By C.C. Gaither, Alma E Cavazos-Gaither
This is often a fascinating e-book that has prices from humans in quite a few disciplines that who're statistical specialists or have used statistical details. The textual content comprises the recognized quote of Benjamin Disraeli and the amendment via Mark Twain.
There are rates from Shakespeare, Thomas Jefferson or even a few recognized statisticians like John Tukey, R. A. Fisher, Stephen Stigler and George field. The prices are prepared by way of themes which are indexed in alphabetical order. the writer and resource are given. occasionally the writer is understood however the resource is unknown.
It seems to be good researched yet I did locate one mistakes. Peter A. (Tony) Lachenbruch is indexed as Peter Luchenbruch.
A great and critical function of the publication is the writer index within the again. each one writer has a listing of subject matters for which she or he has fees. The web page numbers for theses fees are given.
There is additionally an index of issues that lists every one writer and the web page variety of their quote less than the subject. Ordering is alphabetical throughout.
Also, a few lovely and occasionally humorous cartoons are interspersed during the publication.
Read Online or Download Statistically Speaking: A Dictionary of Quotations PDF
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Additional resources for Statistically Speaking: A Dictionary of Quotations
De Spinoza, Benedict Ethics Conceming God Appendix But great things spring from causalities. Disraeli, Benjamin Sybil or the Two Nations Book V, I11 (p. 345) 22 STATISTICALLY SPEAKING Happy the man, who studying Nature’s laws, Through known effects can trace the secret causeHis mind, possessing in a quiet state, Fearless of fortune and resigned to fate. 701 Cause and effect are two sides of one fact. Emerson, Ralph Waldo Essays Circles Cause and effect, means and ends, seed and fruit, cannot be severed; for the effect already blooms in the cause; the end preexists in the means, the fruit in the seed.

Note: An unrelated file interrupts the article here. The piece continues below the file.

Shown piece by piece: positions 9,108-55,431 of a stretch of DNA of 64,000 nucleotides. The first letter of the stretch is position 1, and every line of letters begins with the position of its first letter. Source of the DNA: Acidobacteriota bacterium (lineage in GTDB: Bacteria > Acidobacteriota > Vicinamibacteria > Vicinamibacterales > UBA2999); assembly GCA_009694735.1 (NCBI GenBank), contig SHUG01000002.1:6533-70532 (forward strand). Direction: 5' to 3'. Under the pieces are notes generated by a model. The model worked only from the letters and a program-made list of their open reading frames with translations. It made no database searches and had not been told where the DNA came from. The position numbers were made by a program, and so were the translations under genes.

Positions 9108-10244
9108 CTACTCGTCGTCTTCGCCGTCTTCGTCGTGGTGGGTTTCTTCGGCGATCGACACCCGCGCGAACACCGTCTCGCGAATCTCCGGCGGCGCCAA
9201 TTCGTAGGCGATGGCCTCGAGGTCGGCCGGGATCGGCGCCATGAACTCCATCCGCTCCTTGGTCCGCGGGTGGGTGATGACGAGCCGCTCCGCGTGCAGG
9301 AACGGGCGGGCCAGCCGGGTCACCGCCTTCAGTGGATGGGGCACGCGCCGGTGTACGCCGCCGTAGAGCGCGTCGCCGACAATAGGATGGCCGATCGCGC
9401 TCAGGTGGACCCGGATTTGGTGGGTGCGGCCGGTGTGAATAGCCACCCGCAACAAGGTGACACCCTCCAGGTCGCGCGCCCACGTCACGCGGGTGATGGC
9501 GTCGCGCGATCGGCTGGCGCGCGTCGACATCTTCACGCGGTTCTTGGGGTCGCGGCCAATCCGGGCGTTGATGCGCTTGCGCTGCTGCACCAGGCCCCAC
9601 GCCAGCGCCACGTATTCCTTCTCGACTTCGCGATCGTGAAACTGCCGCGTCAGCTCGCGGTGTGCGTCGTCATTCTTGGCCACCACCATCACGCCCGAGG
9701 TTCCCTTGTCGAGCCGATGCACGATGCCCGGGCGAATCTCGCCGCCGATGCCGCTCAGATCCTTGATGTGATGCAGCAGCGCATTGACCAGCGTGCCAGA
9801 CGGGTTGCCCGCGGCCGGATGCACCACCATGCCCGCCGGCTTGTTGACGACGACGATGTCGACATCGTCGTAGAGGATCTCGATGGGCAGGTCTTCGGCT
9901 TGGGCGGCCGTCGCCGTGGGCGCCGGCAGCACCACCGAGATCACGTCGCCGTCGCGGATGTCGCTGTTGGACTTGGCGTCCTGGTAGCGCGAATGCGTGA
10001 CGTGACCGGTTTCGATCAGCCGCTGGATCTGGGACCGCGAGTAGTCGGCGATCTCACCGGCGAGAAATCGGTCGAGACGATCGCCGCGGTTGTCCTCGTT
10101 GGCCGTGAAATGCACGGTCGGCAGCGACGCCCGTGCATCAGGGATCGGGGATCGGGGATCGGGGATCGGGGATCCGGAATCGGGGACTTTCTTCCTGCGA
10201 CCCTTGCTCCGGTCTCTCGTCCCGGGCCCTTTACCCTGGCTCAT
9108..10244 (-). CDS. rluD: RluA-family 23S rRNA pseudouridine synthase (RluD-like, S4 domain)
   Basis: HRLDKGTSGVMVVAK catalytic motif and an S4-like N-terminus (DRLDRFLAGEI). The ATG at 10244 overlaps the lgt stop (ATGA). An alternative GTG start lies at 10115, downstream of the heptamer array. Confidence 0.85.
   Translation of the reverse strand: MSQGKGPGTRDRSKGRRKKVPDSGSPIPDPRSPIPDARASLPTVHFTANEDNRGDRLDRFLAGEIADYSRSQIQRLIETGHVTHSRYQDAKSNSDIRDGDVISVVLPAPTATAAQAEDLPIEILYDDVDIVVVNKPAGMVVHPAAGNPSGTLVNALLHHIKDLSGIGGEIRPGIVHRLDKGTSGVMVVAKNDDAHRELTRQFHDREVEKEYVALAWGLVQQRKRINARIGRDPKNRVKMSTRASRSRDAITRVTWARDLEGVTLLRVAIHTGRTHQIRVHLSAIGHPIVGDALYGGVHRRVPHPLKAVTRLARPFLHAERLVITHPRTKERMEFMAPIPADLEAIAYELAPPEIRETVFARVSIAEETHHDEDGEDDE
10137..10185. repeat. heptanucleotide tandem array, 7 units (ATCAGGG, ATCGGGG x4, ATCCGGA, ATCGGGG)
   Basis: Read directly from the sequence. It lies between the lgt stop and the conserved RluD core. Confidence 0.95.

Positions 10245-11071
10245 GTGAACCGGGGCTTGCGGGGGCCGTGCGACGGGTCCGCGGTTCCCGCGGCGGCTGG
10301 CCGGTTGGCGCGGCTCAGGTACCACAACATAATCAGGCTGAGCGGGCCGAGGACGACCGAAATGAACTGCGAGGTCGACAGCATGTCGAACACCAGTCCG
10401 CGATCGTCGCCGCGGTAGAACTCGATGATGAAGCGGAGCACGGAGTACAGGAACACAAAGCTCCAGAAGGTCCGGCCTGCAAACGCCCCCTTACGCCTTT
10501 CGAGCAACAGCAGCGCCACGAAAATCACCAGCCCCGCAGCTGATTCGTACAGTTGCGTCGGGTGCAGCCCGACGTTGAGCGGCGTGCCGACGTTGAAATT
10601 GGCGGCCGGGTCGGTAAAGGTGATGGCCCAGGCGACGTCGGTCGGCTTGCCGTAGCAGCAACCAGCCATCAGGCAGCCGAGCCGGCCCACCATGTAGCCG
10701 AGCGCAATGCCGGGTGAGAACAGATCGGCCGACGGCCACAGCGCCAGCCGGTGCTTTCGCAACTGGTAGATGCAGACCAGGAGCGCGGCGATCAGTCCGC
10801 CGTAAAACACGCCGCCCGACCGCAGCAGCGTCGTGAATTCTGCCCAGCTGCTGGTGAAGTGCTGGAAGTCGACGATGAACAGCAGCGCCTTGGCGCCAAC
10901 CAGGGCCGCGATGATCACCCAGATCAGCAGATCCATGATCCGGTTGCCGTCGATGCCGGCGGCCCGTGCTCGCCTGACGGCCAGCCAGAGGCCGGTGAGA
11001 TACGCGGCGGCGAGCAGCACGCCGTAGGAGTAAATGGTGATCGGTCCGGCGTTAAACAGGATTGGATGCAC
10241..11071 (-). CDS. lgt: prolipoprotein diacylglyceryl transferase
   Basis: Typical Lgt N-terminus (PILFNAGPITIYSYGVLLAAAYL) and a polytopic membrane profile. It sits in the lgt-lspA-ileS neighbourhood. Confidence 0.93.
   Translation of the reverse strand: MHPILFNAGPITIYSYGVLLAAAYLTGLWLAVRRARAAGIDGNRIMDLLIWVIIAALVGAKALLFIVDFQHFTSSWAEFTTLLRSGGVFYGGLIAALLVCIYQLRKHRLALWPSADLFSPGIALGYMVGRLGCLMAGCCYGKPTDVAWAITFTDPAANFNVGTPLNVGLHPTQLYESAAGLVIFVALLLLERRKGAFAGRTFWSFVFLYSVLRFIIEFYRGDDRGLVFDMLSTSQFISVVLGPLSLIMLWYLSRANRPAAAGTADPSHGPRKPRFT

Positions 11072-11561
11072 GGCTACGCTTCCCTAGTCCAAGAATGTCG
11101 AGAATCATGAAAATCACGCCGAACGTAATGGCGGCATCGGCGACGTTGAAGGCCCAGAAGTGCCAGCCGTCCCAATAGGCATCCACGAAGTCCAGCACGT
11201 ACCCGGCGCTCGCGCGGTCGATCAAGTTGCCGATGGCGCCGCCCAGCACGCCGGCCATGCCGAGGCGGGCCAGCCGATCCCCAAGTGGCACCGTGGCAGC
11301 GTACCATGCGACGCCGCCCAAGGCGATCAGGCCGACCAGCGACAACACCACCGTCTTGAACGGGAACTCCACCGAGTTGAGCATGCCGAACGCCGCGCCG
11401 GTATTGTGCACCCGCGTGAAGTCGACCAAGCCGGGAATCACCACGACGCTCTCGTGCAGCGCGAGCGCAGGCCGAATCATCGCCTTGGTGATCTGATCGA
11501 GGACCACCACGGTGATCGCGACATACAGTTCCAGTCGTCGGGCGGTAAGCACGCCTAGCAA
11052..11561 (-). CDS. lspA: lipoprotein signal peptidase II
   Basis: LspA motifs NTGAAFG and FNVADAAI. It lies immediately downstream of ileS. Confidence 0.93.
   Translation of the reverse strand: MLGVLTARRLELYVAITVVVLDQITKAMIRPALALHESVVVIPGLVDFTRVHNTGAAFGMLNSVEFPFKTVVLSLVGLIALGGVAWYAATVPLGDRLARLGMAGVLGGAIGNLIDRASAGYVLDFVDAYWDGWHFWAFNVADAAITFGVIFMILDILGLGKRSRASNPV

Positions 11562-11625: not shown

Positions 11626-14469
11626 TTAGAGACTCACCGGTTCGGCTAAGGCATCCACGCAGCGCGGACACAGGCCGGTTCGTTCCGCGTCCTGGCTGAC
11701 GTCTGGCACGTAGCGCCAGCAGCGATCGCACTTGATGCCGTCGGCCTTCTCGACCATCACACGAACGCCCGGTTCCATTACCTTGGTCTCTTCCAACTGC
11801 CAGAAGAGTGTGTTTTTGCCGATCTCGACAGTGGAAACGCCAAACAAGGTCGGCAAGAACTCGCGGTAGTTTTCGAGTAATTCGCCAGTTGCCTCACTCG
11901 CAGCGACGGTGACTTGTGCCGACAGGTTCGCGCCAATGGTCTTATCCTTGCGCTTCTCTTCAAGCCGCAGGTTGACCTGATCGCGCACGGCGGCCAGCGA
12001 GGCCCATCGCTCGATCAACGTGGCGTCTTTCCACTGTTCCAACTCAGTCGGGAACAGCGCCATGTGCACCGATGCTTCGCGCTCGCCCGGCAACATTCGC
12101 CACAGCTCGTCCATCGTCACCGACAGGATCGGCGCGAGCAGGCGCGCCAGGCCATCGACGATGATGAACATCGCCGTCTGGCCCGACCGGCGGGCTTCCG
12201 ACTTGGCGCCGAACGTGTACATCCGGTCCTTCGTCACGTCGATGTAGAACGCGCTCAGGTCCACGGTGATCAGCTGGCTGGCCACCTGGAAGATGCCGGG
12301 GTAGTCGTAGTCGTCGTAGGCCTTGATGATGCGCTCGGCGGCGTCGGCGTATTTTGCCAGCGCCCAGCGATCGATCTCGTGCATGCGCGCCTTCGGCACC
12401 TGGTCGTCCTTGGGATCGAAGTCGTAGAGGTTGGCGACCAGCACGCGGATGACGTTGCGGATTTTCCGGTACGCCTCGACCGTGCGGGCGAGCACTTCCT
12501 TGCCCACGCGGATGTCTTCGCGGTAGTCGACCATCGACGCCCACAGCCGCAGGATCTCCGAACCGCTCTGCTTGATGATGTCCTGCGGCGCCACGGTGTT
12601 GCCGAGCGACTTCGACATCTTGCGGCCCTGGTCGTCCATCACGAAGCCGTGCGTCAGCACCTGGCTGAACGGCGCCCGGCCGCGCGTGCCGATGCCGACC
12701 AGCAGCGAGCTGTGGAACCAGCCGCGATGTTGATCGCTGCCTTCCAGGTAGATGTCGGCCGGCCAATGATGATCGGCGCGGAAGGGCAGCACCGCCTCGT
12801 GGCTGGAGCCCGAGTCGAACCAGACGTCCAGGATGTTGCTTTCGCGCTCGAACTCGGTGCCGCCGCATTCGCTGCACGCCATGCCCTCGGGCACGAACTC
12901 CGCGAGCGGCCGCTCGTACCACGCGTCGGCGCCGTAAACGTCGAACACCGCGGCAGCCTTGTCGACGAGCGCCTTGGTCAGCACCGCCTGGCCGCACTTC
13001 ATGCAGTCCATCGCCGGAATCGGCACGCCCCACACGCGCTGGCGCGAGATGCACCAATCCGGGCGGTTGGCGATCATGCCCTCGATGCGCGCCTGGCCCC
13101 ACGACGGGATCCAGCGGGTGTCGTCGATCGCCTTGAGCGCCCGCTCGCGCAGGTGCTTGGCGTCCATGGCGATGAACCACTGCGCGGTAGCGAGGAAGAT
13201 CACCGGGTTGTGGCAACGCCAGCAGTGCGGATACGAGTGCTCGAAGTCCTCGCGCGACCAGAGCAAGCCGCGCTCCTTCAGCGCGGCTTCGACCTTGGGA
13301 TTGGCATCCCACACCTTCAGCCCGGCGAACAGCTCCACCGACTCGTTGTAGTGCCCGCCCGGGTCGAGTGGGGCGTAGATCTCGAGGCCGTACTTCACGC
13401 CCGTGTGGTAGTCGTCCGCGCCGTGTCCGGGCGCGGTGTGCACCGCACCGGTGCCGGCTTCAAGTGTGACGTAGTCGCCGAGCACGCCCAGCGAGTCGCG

But in reality they can do neither, for they cannot make a man either wise or foolish; and whatever they do is the result of chance. Plato Crito 44 . . in human affairs chance is almost everything. Plato Laws Book IV, 709 Athenian Stranger. They say that the greatest and fairest things are the work of nature and of chance, the lesser of art, which, receiving from nature the greater and primeval creations, molds and fashions all those lesser works which are generally termed artificial. Plato Laws Book X, 889 The lover of intellect and knowledge ought to explore causes of intelligent nature first of all, and, secondly, of those things which, being moved by others, are compelled to move others.
9) The double analysis kills the single analysis, and the treble kills the double, until at last a sufficiency of statistics comes very near to common sense. Belloc, Hilaire The Silence of the Sea On Statistics (p. 173) And then he knew that something within him more powerful than his common-sense would force him to stake that five-franc piece. He glanced furtively at the crowd to see whether anyone was observing him. No. Well, it having been decided to bet, the next question was, how to bet? Now, Henry had read a magazine article concerning the tables at Monte Carlo, and, being of a mathematical turn, had clearly grasped the principles of the game.
Statistically Speaking: A Dictionary of Quotations by C.C. Gaither, Alma E Cavazos-Gaither